Home Uncategorized Realistic images created by artificial intelligence worry experts; understand

Realistic images created by artificial intelligence worry experts; understand

Realistic images created by artificial intelligence worry experts;  understand

A million bears walking the streets of Hong Kong. A strawberry frog. A cat made of spaghetti and meatballs.

These are just some of the text descriptions people have provided for cutting-edge AI systems in recent weeks.

These systems—primarily OpenAI’s DALL-E 2 and Google Research’s Imagen—can produce detailed, realistic images. They can be silly, weird or even reminiscent of classic art, and they are being widely shared on social media, including by influential figures in the tech community.

So it’s not hard to imagine this on-demand imaging eventually serving as a powerful tool for making all sorts of creative content, whether it’s art or ads.

DALL-E 2 and a similar system, Midjourney, for example, were once used to help create magazine covers. OpenAI and Google have pointed out some ways in which the technology can be commercialized, such as editing images or creating an image bank.

Neither DALL-E 2 nor Imagen is currently available to the public. However, they share a problem with many others who already are: they can also produce results that reflect the cultural and gender biases of the data they were trained on.

Bias in these AI systems presents a serious problem, experts told CNN Business .

For them, technology can perpetuate prejudices and stereotypes. They are concerned that the open nature of these systems — which makes them adept at generating all kinds of images from words — and their ability to automate image creation means they can automate this bigoted bias on a massive scale.

They also have the potential to be used to spread misinformation.

“Until that damage can be prevented, we’re not really talking about systems that can be used openly, in the real world,” said Arthur Holland Michel, a senior fellow at the Carnegie Council for Ethics in International Affairs who researches AI and AI technologies. surveillance.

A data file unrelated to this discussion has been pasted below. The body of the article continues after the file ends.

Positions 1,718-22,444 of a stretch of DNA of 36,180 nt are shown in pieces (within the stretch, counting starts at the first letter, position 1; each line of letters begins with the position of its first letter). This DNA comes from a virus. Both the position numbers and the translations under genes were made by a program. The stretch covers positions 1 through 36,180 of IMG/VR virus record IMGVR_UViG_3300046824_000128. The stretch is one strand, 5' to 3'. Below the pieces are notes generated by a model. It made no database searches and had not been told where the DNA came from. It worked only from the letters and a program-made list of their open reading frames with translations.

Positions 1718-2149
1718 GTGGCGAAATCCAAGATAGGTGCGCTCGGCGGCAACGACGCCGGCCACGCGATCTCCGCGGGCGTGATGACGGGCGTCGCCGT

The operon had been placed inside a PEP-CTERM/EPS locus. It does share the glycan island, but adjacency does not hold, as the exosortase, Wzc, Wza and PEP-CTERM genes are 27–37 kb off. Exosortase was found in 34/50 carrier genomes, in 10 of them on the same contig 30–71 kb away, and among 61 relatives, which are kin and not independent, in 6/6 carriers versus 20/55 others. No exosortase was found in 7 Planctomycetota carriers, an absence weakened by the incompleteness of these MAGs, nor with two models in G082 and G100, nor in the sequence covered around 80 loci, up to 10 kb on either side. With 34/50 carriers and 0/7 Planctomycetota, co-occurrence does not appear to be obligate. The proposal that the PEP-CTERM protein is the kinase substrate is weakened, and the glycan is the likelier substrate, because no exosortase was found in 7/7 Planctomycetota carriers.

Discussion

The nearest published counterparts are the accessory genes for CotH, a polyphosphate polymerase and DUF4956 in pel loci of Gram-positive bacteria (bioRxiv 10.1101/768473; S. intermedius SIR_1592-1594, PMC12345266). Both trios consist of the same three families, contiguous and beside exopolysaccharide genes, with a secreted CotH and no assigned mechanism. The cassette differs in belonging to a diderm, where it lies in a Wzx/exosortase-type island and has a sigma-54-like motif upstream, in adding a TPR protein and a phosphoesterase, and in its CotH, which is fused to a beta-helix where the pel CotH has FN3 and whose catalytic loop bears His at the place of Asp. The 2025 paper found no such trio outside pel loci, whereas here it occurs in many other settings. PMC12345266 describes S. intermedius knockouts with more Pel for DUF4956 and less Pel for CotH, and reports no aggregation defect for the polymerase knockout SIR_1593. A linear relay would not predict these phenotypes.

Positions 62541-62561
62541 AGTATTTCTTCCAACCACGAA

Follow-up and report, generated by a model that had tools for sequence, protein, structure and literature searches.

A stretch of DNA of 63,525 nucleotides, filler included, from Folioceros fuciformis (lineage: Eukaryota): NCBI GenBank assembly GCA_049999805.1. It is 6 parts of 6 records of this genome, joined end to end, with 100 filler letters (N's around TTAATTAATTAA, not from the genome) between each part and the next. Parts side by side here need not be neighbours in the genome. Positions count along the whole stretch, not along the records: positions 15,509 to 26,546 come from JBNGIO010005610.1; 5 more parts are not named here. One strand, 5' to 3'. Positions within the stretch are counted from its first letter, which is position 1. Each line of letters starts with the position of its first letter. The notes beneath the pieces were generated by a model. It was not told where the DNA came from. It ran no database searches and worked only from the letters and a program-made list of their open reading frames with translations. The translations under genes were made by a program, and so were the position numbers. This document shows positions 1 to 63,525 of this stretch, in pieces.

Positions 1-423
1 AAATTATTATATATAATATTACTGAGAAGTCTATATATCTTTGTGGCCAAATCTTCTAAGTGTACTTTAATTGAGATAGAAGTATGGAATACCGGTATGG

Documenting prejudice

Artificial intelligence has become commonplace in everyday life in recent years, but it is only recently that the public has become aware of just how many biases can infiltrate technology.

Facial recognition systems, in particular, have been increasingly scrutinized for concerns about their accuracy and racial bias.

OpenAI and Google Research have acknowledged many of the issues and risks related to their AI systems in documentation and research, both saying the systems are prone to gender and race bias and depicting Western cultural stereotypes.

OpenAI, whose mission is to build so-called artificial general intelligence that benefits all people, has included in an online document titled “risks and limitations” images that illustrate how these problems can happen: A search for “nurse”, for example, resulted in images that appeared to show women using stethoscopes, while one for “CEO” showed images that appeared to be men and nearly all of them were white.

Lama Ahmad, OpenAI’s policy research program manager, said that researchers are still learning to measure bias in AI and that OpenAI can use what it learns to fine-tune its AI over time.

Ahmad led OpenAI’s efforts to work with a group of external experts earlier this year to better understand the issues with DALL-E 2 and provide feedback so it can be improved.

Google declined an interview request from CNN Business.

In their research paper introducing Imagen, Google Brain team members wrote that Imagen appears to encode “various social prejudices and stereotypes, including a general bias towards generating images of people with lighter skin tones and a tendency towards images that portray different professions to align with Western gender stereotypes.”

The contrast between the images these systems create and the thorny ethical questions is stark to Julie Carpenter, a research fellow in the Ethics and Emerging Sciences Group at California Polytechnic State University, San Luis Obispo.

“One of the things we have to do is understand that AI is really cool and can do some things really well. And we must work with her as a partner,” Carpenter said. “But it’s an imperfect thing. It has its limitations. We have to adjust our expectations. It’s not what we see in the movies.”

Holland Michel is also concerned that no amount of safeguards can prevent these systems from being used maliciously, noting that deepfakes — a cutting-edge AI application for creating videos that purport to show someone doing or saying something that actually didn’t do or say—were initially leveraged to create fake pornography.